Of Kissing Girls
Five years ago, I Kissed A Girl by Katy Perry came out. I instantly hated the song. I found the song annoying, and it bothered me on a deeper level. Though, at the time, I didn’t think about it enough to delve into why. Now, I realize there are many reasons the song perturbed me. First, it’s disingenuous. I read an article that asked Perry if she’d ever kissed a girl. The pop star responded that she hadn’t. That fact alone didn’t really bother me because I don’t think art (if we’re being generous here with the term) has to be one hundred percent truth.
Songs tell stories, even if they’re silly, catchy, or auto tuned. Songs also communicate and often reinforce certain ideas that are already floating around. For example, the song is dripping with a sexuality that is attempting to attract men. By using the falsity of a lesbian encounter; essentially, Perry seduces a male audience while sending a message that female sexuality exists solely for male pleasure. It’s dishonest, and it’s capitalizing upon something that ultimately exploits women and the queer community.
One redeeming quality about the song, although far outweighed by the negative implications, is that it at least puts the concept of bisexuality or queerness in the spotlight, even if it’s in the most superficial way. Nowadays, kids grow up, and may think you’re either gay or straight. Bisexuality is something that is acknowledged but not necessarily taken seriously, oftentimes even by the queer community. There are running jokes about how bisexuals are “greedy,” or how bisexuality is a college phase. If you’re born the way you are, which most progressives think is the case, then you don’t “magically” turn bisexual overnight.
This year, another female pop star, came out with songs about bi-curiosity and bisexuality. Her name is Kate Nash. She’s not as famous as Katy, but I respect her a hell of a lot more. Her album Girl Talk is angrier and more passionate than any of her other albums. I realized midway through the album, in many of the songs, she sings about being in love with another girl, or in a relationship with another girl. Again, it doesn’t actually matter if this is true or not. What matters is that she’s writing these songs, or stories as I call them, with authenticity. Authenticity in your writing shows respect for yourself as well as for others. Her songs are about loving someone and that someone happens to be a woman. The queer aspect is a footnote, not the chorus.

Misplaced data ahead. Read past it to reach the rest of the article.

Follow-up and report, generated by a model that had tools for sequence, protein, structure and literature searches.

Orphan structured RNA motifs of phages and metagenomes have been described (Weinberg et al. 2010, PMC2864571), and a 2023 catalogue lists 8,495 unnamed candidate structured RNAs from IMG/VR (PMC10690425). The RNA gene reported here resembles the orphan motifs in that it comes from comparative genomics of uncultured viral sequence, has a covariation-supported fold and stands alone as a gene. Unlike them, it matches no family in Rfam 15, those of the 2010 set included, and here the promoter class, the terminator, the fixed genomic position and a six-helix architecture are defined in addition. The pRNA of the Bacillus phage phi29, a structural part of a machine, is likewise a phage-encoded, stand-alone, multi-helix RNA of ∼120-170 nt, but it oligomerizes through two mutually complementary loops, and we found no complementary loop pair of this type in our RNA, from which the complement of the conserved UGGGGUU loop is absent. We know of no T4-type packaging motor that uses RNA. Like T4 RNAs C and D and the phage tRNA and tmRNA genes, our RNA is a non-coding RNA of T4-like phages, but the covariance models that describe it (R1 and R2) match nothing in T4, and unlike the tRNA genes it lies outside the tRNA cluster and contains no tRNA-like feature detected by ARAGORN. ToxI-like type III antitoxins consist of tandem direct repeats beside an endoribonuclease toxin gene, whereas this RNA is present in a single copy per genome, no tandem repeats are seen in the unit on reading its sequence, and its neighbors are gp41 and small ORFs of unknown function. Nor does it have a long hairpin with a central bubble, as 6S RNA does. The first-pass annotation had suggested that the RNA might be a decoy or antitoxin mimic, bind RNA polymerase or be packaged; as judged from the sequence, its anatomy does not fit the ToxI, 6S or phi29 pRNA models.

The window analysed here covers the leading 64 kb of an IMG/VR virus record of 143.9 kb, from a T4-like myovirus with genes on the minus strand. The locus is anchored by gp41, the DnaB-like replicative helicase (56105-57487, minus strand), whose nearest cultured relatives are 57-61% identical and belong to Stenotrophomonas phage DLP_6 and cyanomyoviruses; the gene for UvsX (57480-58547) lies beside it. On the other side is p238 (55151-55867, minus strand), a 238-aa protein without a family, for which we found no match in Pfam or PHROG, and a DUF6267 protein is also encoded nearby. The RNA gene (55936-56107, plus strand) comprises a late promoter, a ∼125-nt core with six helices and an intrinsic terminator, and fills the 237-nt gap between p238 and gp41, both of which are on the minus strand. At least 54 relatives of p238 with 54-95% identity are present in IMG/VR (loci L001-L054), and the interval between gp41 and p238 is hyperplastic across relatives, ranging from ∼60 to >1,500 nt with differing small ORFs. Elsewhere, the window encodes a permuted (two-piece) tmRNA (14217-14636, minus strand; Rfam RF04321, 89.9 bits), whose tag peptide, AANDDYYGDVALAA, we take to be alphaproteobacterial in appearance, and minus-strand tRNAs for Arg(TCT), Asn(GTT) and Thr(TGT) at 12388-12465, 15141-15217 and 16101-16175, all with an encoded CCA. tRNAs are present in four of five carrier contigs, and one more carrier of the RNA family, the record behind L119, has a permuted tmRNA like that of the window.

Love transcends gender. Love is deep and wide, stripping away the roles and bullshit forced upon us.
So kiss a girl if you want, or don’t kiss her. Kiss her and find out you don’t like kissing her all that much. Kiss a hundred people, or go home and stay in bed and watch Netflix, and don’t kiss anyone at all. Be proud to be yourself, be authentic in your craft, and please don’t exploit other people for the sake of making a buck.